economist Arvind Subramanian
(Economist Arvind Subramanian)

Green investing could be the next financial bubble


High-profile economist Arvind Subramanian is warning about the risks associated with large-scale ESG and climate financing. In a commentary for Project Syndicate on Jan.3, the former chief economic adviser to the Indian government, argues that private climate finance is posing serious risks to global markets and the world needs to wake up to the danger as it could be the next financial bubble.

Subramanian writes that the surging green finance trend with  a flood of money pouring into environmental, social and governance (ESG) investments could backfire with economic risks looming large and both markets and economies would suffer.

“If trillions of dollars in climate finance go to emerging markets, the flows could amount to 5-10% of these economies’ GDP – similar to the financing surges that preceded the 1997 Asian financial crisis and the 2013 “taper tantrum”. Unregulated private capital flows of this magnitude will lead to overheating, volatility, imprudent lending, and overvalued exchange rates” he says.

“Eventually, when the mania is seen for what it is, costly consequences will follow: capital flows will reverse, and both output and the financial sector will collapse. We have seen this movie before in country after country, and we know how it ends: badly.”

Subramanian describes opportunities for green projects in developing countries as “over-hyped.” According to him, investors are piling into those projects based on “questionable” ESG standards while ratings result are in “fuzziness” about how to measure the ESG impact of funding. With little certainty on measuring outcomes and the relatively light nature of penalties for noncompliance, some companies may obtain ESG financing only to divert other sources of funding to non-ESG activities.

ESG’s “halo” of perceived social good could also easily lull regulators into leniency and inattention, Subramanian says.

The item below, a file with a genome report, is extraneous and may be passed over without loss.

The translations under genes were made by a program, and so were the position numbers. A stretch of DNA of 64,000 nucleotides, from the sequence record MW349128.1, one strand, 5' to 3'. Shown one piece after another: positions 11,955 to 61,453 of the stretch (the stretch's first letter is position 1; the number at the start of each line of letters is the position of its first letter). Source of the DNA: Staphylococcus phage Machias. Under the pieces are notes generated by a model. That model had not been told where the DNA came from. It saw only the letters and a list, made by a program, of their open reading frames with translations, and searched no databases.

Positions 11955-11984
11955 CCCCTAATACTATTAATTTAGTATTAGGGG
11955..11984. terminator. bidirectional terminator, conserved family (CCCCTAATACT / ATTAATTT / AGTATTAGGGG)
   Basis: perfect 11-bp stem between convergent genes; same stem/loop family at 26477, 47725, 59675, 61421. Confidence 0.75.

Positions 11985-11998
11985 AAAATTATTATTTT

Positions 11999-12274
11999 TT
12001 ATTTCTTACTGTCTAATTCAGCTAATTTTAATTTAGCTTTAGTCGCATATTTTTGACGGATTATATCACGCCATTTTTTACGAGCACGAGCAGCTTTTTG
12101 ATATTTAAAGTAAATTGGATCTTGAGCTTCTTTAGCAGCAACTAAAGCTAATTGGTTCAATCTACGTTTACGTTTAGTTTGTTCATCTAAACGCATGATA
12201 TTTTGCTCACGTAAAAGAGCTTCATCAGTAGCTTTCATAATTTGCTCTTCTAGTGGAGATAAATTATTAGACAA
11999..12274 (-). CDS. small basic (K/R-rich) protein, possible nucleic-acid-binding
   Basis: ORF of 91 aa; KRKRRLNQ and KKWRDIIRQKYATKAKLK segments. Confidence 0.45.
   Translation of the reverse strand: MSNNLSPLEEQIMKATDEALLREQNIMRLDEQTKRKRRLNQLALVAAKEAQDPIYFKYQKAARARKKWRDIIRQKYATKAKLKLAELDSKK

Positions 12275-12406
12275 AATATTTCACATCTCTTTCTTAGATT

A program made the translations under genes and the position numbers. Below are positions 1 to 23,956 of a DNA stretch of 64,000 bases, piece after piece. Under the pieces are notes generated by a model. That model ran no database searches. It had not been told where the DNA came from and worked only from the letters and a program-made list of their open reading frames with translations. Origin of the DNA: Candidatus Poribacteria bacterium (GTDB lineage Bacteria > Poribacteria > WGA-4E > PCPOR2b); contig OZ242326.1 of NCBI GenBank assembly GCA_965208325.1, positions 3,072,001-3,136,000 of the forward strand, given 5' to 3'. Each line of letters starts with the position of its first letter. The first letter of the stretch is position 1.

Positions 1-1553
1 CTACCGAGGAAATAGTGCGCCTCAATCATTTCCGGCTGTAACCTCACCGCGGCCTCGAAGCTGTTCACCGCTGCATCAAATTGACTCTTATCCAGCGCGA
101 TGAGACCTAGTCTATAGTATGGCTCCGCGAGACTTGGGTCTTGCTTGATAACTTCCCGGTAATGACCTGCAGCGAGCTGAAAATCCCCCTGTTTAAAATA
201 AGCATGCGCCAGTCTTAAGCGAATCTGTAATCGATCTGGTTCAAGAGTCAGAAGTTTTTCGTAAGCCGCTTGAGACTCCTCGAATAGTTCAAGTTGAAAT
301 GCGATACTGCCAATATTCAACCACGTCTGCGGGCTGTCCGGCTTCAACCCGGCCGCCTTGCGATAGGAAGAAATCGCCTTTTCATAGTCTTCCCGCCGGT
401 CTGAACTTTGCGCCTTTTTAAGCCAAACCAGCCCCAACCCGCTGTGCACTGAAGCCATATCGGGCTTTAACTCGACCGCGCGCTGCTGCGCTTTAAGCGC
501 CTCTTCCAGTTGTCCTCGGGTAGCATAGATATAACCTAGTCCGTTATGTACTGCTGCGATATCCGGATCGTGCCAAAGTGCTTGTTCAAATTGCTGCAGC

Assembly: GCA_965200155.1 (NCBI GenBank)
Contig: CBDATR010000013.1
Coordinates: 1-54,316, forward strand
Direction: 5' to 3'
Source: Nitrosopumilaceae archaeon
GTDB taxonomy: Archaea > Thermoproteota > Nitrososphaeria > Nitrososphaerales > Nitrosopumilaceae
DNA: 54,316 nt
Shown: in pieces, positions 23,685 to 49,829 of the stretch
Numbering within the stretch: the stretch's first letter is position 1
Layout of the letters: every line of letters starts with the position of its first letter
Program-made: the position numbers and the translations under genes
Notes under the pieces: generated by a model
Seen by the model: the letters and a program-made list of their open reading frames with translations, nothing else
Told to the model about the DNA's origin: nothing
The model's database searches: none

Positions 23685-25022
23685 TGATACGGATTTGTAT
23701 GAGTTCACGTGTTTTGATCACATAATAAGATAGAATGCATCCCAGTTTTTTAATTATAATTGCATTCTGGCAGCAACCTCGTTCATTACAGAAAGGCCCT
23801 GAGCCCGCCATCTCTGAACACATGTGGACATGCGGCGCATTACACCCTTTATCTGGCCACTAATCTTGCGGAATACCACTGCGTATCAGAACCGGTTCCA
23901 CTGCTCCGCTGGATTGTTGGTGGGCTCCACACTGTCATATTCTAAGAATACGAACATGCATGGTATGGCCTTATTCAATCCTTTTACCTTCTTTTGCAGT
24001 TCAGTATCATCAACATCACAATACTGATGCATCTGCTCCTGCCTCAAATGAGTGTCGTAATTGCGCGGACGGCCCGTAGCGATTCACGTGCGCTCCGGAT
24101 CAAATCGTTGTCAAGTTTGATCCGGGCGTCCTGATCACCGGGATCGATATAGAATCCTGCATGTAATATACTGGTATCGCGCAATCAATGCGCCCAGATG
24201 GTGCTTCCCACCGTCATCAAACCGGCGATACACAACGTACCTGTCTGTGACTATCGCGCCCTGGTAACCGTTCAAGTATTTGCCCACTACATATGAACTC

Furthermore, the green finance consensus in richer countries also reflects an “implicit political condescension” to developing economies.

“… A cynical view is that private climate finance could end up damaging poorer economies and producing little by way of climate-positive outcomes, while enabling the financial sector to coat its somewhat tarnished reputation with a patina of green” Subramanian writes.

“Climate change affords investors an opportunity to do global social good without sacrificing profits. And ESG-related lending, which marries conscience and capital, has become a major financial fad. But mounting evidence suggests that this activity is displaying all the pathologies associated with financial manias and bubbles.”

As Tariq Fancy, former chief investment officer for sustainable investing at BlackRock, told The Guardian last year, the climate crisis can never be solved by today’s free markets and real change has to be led by governments, not Wall Street.

Arvind Subramanian holds a B.A (Hons.) Economics from  St Stephen’s College, Delhi. He earned an MBA from the Indian Institute of Management, Ahmedabad and M.Phil & D.Phil degrees from the University of Oxford on an Inlaks Scholarship.

He is a non-resident senior fellow at the Peterson Institute for International Economics (PIIE). He was chief economic adviser to the Government of India between 2014 and 2018. Previously, he was a visiting lecturer at the Harvard Kennedy School. Professor Subramanian’s areas of interest include global development, global economic, financial and trading systems, multilateral institutions, and emerging market countries.

He is also the author of several books. In 2018, Penguin Random House published the best-selling Of Counsel: The Challenges of the Modi-Jaitley Economy reflecting on his time in India. His previous book, the award-winning Eclipse: Living in the Shadow of China’s Economic Dominance, predicting China’s rise as an economic superpower, was published in September 2011 and has been translated into three languages.

Read his commentary for Project Syndicate